The search tools will feel familiar to anyone who uses Google's regular search features, so most teachers and students will catch on quickly. It's also great that the stories come from so many sources all over the world. Some will necessarily be of higher quality than others, but that's useful, too. In this way, Google News offers a great laboratory for news literacy learning, because students will be exposed to all kinds of sources and stories (but nothing too inappropriate for teens' sensibilities).
Each student's "For you" section will be different, since it's based on user interests and online behavior. Students can take the time to influence the feed to fine-tune what's included. The Following section is a snap to use for saving content or topics to reference later. Teachers might also use this process to dig into how platforms personalize content based on students' data. In addition to helping students see how this data is used, teachers could show students how to restrict their settings to be as private as possible.
Key Standards Supported
Reading Informational Text
Analyze in detail how a key individual, event, or idea is introduced, illustrated, and elaborated in a text (e.g., through examples or anecdotes).
Determine an author’s point of view or purpose in a text and explain how it is conveyed in the text.
Trace and evaluate the argument and specific claims in a text, distinguishing claims that are supported by reasons and evidence from claims that are not.
Analyze the interactions between individuals, events, and ideas in a text (e.g., how ideas influence individuals or events, or how individuals influence ideas or events).
Determine an author’s point of view or purpose in a text and analyze how the author distinguishes his or her position from that of others.
Trace and evaluate the argument and specific claims in a text, assessing whether the reasoning is sound and the evidence is relevant and sufficient to support the claims.
Analyze how a text makes connections among and distinctions between individuals, ideas, or events (e.g., through comparisons, analogies, or categories).
Determine an author’s point of view or purpose in a text and analyze how the author acknowledges and responds to conflicting evidence or viewpoints.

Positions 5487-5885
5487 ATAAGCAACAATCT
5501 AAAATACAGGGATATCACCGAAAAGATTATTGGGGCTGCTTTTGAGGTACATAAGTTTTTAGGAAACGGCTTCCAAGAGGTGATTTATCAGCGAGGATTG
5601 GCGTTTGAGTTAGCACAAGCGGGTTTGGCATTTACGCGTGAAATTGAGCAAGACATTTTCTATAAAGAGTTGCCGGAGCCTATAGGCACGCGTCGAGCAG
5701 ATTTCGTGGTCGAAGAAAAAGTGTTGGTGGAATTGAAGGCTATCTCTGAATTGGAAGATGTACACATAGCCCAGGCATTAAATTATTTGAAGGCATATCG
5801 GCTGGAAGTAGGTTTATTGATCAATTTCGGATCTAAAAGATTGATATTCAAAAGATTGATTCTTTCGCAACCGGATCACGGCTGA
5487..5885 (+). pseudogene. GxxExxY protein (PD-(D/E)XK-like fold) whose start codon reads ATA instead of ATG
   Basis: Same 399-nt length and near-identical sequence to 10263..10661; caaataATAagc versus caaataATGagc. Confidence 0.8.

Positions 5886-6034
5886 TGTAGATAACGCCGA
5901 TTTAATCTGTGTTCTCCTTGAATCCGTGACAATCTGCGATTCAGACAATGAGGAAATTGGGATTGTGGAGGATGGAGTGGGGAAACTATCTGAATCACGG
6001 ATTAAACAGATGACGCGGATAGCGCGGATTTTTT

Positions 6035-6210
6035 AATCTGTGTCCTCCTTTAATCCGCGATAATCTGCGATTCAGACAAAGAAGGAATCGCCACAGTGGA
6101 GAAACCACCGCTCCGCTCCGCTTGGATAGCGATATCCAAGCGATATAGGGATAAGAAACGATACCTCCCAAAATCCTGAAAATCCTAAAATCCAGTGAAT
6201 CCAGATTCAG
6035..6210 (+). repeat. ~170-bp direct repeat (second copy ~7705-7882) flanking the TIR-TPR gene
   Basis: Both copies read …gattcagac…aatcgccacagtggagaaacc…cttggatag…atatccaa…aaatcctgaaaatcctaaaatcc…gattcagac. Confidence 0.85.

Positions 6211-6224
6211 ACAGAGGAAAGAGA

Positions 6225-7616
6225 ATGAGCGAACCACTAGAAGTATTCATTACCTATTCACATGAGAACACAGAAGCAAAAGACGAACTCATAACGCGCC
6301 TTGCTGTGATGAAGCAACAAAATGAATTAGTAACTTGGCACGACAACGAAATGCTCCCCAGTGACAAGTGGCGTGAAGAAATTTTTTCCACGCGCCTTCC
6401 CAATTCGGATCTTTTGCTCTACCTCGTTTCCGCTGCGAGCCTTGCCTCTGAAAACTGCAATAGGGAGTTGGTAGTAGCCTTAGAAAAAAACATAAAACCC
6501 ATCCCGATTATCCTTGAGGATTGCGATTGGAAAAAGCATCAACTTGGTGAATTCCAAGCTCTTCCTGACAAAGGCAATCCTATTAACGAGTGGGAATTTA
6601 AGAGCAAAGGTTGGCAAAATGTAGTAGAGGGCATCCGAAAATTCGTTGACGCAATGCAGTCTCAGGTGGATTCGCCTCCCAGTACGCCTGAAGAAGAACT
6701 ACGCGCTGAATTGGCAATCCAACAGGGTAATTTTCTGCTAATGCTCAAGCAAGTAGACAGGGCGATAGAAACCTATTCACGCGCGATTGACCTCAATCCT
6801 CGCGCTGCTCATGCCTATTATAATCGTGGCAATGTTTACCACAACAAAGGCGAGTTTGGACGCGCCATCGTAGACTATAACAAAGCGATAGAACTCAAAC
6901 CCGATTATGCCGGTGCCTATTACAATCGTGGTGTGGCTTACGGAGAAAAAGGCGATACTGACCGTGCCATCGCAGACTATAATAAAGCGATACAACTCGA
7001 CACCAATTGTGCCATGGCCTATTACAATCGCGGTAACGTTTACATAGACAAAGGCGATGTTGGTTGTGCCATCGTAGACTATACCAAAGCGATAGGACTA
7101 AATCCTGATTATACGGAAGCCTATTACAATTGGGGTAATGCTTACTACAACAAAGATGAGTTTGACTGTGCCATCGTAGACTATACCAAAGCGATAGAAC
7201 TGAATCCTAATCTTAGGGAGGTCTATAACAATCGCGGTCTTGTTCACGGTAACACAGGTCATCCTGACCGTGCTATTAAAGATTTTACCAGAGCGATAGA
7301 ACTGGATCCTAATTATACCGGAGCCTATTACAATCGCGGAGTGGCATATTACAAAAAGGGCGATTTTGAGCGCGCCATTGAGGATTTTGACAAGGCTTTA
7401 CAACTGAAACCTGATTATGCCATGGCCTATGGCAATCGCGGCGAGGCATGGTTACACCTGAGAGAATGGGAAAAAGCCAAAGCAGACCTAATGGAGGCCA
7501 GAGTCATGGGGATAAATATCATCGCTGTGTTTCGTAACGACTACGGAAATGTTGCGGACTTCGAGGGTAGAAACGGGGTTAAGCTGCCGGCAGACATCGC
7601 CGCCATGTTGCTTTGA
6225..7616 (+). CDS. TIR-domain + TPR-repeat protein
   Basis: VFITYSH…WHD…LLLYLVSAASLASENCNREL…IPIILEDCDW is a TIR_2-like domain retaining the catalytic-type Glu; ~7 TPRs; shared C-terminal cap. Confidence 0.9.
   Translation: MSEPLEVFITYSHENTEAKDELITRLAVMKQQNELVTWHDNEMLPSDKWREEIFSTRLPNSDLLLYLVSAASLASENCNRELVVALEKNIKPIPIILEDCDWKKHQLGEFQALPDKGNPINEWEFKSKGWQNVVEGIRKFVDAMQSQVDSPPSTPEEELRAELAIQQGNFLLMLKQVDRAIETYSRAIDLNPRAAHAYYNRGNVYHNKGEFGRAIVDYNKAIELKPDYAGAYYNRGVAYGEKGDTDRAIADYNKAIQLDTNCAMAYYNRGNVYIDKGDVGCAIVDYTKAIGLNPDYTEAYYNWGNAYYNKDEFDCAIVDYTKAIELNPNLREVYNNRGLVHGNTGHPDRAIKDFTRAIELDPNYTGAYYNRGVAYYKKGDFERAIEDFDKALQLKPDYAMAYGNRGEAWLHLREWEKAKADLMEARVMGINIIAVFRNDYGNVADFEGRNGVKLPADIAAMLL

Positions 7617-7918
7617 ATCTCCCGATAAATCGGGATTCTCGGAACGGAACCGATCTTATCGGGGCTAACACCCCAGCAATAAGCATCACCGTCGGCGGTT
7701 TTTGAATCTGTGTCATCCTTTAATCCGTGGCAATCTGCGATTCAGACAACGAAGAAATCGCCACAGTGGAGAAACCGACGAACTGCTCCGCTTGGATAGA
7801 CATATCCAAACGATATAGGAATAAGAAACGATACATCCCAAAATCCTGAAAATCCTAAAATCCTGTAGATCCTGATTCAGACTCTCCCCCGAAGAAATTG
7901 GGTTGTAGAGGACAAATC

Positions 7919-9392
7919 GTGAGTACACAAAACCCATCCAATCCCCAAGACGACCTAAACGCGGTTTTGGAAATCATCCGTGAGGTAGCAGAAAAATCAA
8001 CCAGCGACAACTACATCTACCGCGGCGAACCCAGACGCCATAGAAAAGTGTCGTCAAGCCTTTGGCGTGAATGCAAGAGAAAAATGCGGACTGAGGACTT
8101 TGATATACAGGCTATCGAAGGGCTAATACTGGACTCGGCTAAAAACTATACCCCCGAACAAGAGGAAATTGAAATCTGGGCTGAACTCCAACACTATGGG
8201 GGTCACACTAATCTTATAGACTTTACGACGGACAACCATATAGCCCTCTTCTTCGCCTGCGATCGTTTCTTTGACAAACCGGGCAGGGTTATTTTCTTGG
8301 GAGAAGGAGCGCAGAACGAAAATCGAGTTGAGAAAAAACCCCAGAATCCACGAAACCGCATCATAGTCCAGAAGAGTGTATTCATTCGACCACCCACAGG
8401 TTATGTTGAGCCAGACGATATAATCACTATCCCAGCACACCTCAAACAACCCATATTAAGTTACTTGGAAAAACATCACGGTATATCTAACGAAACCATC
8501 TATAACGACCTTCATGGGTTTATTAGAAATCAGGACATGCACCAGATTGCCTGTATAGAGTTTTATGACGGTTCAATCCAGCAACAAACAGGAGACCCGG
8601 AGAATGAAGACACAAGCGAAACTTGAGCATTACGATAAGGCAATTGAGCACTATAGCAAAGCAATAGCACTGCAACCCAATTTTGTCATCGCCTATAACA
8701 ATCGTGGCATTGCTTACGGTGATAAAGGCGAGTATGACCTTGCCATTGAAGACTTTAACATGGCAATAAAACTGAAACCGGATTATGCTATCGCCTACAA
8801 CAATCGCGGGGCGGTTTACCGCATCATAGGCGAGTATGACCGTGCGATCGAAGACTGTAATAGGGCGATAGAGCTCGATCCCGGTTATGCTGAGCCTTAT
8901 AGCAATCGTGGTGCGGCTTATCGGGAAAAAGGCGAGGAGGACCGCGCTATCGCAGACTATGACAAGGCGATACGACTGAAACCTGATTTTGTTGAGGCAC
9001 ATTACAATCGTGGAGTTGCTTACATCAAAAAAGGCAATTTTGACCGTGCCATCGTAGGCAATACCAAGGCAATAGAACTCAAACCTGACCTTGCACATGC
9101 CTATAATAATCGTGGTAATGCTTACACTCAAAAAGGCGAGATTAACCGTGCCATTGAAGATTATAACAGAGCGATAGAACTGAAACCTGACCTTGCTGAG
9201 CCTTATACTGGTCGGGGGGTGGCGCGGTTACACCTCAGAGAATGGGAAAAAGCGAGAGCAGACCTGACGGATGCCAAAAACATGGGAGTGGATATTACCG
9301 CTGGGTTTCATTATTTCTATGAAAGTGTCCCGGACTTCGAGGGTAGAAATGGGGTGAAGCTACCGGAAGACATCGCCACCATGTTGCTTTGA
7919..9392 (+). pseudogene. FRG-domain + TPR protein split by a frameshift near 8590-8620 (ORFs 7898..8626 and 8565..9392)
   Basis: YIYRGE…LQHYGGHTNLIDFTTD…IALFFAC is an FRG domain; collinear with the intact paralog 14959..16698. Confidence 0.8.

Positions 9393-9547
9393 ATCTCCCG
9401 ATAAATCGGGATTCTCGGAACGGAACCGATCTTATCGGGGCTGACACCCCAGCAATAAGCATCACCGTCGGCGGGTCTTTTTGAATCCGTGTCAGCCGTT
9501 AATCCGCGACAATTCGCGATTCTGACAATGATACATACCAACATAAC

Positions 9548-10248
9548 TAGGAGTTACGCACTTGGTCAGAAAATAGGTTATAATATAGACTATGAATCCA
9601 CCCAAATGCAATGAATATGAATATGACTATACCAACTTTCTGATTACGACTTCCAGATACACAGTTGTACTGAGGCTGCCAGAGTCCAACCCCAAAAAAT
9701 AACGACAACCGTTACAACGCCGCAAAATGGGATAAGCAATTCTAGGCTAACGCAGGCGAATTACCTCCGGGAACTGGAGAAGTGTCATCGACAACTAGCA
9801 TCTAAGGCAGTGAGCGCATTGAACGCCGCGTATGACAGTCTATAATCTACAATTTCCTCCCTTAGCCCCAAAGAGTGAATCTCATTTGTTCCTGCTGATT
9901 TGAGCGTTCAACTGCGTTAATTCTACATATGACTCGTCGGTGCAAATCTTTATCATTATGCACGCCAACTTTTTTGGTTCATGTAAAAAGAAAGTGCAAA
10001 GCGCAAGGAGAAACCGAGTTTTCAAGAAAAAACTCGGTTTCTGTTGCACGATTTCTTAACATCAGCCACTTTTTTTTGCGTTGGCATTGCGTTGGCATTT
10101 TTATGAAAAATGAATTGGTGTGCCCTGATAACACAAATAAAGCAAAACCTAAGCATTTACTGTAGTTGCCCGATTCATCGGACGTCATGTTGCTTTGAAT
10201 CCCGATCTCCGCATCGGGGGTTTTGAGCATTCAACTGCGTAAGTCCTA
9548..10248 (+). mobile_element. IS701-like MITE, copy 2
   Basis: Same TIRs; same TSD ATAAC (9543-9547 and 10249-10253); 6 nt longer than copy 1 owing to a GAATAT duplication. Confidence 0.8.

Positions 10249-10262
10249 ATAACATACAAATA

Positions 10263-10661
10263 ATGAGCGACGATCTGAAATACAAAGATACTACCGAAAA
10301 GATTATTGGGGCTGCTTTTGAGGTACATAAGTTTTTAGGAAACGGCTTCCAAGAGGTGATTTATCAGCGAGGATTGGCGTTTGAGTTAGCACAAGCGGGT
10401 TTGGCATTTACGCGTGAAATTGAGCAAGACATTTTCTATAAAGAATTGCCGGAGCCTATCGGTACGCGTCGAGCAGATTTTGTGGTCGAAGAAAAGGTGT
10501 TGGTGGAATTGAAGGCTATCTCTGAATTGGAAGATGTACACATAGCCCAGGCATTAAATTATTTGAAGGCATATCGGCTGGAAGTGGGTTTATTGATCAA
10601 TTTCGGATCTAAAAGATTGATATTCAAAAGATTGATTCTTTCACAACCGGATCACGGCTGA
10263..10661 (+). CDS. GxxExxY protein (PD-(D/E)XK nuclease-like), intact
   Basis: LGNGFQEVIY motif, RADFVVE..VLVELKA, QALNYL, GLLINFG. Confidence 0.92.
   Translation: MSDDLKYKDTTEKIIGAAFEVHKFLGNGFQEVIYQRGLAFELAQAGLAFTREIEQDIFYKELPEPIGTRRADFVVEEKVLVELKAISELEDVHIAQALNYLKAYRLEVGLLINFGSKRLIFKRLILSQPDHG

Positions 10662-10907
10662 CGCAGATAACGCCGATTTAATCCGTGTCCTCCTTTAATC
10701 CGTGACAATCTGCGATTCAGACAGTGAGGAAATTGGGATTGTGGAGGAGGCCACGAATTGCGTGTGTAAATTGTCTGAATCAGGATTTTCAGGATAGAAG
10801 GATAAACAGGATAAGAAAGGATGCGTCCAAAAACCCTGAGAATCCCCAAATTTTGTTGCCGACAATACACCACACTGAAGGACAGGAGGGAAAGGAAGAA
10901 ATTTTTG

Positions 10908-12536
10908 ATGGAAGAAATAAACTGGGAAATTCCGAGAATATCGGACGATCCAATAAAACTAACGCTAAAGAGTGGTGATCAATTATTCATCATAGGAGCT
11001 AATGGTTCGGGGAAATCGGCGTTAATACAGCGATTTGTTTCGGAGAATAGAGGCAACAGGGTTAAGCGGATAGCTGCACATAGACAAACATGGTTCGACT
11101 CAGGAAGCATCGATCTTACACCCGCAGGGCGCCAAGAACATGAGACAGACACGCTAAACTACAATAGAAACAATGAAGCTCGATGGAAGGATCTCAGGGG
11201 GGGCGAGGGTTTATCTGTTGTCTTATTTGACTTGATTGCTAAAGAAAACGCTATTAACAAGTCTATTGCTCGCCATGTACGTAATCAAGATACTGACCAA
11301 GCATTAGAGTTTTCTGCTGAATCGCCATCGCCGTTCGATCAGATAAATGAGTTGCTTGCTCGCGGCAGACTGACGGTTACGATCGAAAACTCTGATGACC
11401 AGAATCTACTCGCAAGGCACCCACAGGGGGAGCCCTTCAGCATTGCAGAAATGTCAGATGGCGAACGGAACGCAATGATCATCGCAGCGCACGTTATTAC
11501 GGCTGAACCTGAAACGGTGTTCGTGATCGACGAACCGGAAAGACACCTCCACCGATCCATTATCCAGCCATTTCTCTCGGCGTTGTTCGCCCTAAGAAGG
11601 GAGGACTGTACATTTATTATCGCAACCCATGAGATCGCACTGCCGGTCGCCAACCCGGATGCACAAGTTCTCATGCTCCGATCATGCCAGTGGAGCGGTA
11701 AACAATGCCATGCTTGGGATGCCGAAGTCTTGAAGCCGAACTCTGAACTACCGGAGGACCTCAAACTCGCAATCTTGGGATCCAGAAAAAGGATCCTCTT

Delineate and evaluate the argument and specific claims in a text, assessing whether the reasoning is sound and the evidence is relevant and sufficient; recognize when irrelevant evidence is introduced.
Cite strong and thorough textual evidence to support analysis of what the text says explicitly as well as inferences drawn from the text.
Determine a central idea of a text and analyze its development over the course of the text, including how it emerges and is shaped and refined by specific details; provide an objective summary of the text.
Analyze how the author unfolds an analysis or series of ideas or events, including the order in which the points are made, how they are introduced and developed, and the connections that are drawn between them.
Determine an author’s point of view or purpose in a text and analyze how an author uses rhetoric to advance that point of view or purpose.
Delineate and evaluate the argument and specific claims in a text, assessing whether the reasoning is valid and the evidence is relevant and sufficient; identify false statements and fallacious reasoning.
Analyze a complex set of ideas or sequence of events and explain how specific individuals, ideas, or events interact and develop over the course of the text.
Determine an author’s point of view or purpose in a text in which the rhetoric is particularly effective, analyzing how style and content contribute to the power, persuasiveness or beauty of the text.